But wait, this document is formatted like a printed page, and I have a printer. I could print it! So I did print a couple of chapters. Using the print odd pages only selection on the printer dialog, followed by turning the paper over and loading it back into the printer and then using the print even pages only selection, I was able to produce a two sided copy, which means fewer notebooks full of paper.

When I worked in Beaverton I would occasionally have Kinko's print a copy for me. They could do the double side printing and the three hole punch for no more than a regular copy. Only problem was I had to burn thePDF onto a CD-ROM and then hand carry it over there. They were supposed to have some fancy corporate upload system, but I never got it to work. I did find one copy house that would accept PDF's sent via e-mail, but they managed to screw up the holes punched in edge of the document.

So I'm trying to print my own documents. The first chapter comes out okay, but the next one I manage to botch. Not once, but three times. Printed the second side on top of the first, printed the second page upside down, printed the second page in reverse order. Come on, dude, get it together! Finally get my ducks in a row, and the printer runs out of ink! Hey I just put that cartridge in there! Fine, I'm working, I can afford a new cartridge. Run down to Office Depot and pick up a pair (color and black & white) for $50. Over the next month or so I print 3 more chapters and I am out of ink again. Uh, this is going to get expensive, maybe there's another solution.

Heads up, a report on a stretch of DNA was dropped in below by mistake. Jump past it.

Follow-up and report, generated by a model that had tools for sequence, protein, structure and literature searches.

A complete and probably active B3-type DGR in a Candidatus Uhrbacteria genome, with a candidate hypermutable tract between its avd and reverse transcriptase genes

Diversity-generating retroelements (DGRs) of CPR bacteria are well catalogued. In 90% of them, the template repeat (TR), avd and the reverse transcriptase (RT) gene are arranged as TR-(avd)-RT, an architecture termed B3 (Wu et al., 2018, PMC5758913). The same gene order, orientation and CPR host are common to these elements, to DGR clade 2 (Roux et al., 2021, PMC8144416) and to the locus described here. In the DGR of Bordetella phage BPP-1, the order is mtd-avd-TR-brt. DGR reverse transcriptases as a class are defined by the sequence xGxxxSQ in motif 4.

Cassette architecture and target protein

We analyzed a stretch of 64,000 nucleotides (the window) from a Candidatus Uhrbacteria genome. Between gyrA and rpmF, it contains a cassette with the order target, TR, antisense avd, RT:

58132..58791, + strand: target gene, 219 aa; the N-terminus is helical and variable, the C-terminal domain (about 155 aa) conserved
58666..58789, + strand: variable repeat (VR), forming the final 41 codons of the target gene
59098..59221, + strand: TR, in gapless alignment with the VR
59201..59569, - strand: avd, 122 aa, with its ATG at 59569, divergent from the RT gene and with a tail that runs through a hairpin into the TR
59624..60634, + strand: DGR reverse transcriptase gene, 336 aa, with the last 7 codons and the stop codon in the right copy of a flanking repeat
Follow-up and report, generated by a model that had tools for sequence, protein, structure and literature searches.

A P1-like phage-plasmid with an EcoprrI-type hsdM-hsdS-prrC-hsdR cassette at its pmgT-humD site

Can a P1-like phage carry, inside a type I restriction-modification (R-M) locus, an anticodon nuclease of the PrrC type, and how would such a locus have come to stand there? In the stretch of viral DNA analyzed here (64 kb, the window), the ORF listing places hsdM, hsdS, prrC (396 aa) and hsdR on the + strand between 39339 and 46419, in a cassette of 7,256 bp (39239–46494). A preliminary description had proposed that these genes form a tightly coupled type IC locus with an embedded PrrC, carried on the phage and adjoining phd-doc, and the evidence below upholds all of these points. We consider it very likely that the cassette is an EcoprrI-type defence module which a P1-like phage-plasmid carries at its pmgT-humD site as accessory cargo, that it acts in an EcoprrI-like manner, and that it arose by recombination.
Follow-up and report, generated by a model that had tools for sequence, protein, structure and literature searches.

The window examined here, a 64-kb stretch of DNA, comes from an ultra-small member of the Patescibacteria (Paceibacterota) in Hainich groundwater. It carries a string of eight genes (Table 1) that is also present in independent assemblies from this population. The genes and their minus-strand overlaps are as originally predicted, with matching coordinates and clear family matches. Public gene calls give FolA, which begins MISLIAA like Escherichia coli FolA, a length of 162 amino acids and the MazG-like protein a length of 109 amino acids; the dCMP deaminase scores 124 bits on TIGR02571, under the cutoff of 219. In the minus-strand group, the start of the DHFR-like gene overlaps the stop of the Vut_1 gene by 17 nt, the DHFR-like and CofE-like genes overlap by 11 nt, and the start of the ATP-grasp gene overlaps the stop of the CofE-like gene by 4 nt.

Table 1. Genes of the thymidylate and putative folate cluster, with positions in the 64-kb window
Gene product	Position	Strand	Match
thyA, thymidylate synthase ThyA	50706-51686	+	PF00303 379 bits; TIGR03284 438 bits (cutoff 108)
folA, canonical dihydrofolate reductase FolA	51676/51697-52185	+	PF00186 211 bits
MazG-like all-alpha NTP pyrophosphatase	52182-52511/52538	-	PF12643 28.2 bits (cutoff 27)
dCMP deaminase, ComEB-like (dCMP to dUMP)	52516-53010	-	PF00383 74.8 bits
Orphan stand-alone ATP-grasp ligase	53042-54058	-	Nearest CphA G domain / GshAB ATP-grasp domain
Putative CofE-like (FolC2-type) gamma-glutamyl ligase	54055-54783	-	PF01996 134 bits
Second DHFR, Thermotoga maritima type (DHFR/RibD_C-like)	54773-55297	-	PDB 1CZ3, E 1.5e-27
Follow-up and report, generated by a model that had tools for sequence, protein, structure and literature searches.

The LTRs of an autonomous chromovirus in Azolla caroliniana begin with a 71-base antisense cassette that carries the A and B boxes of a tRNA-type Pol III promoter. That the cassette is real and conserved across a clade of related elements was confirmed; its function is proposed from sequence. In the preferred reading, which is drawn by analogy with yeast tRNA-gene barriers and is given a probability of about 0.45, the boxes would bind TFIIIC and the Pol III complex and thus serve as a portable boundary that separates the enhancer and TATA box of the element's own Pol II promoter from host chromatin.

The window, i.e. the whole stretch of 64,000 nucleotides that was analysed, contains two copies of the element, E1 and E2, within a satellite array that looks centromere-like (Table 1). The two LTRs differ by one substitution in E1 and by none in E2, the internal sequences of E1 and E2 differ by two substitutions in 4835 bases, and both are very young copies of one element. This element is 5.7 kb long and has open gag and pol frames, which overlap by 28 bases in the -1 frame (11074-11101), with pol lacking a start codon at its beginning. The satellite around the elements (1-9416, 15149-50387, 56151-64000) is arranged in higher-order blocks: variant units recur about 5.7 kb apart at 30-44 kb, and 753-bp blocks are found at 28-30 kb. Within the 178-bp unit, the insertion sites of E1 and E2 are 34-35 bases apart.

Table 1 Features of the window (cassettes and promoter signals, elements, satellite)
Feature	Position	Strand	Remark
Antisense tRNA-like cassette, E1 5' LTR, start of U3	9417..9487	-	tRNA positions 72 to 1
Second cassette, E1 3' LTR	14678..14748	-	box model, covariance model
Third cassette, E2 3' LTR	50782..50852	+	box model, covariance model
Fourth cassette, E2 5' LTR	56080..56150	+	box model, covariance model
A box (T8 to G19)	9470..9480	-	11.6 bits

Well, yeah, LCD flat panel displays are pretty cheap. You can buy one for about $200. Can I get one that would be tall enough? My current display is 1280 x 1024. 1280 is wide enough, but 1024 is not tall enough. 1280 pixels for an 8 and 1/2 inch wide sheet of paper works out to about 150 pixels per virtual inch. So we would need about 1650 lines to show the whole page, top to bottom, at a resolution that would be readable. Looking on Newegg, there are no monitors with 1650 lines (look under Recommended Resolution in the left hand column). The highest they have is 1600 lines, and those monitors are all over $1,000.

Hey! Here's an idea: how about if we turn the monitor sideways? That would do the trick. Of course there is probably gonna be some glitch with the driver, but that's just software, I'm sure someone has a solution for that. So does anyone make a monitor with a bracket that will allow you to turn it sideways? That took me a couple of days and several inquiries to get an answer. Turns out, yes, but you have to hold your mouth just right when you ask the question, or you won't find nothin'.
SAMSUNG 2243WM Black 22" 5ms 16:9 Widescreen LCD Monitor w/Height Adjustments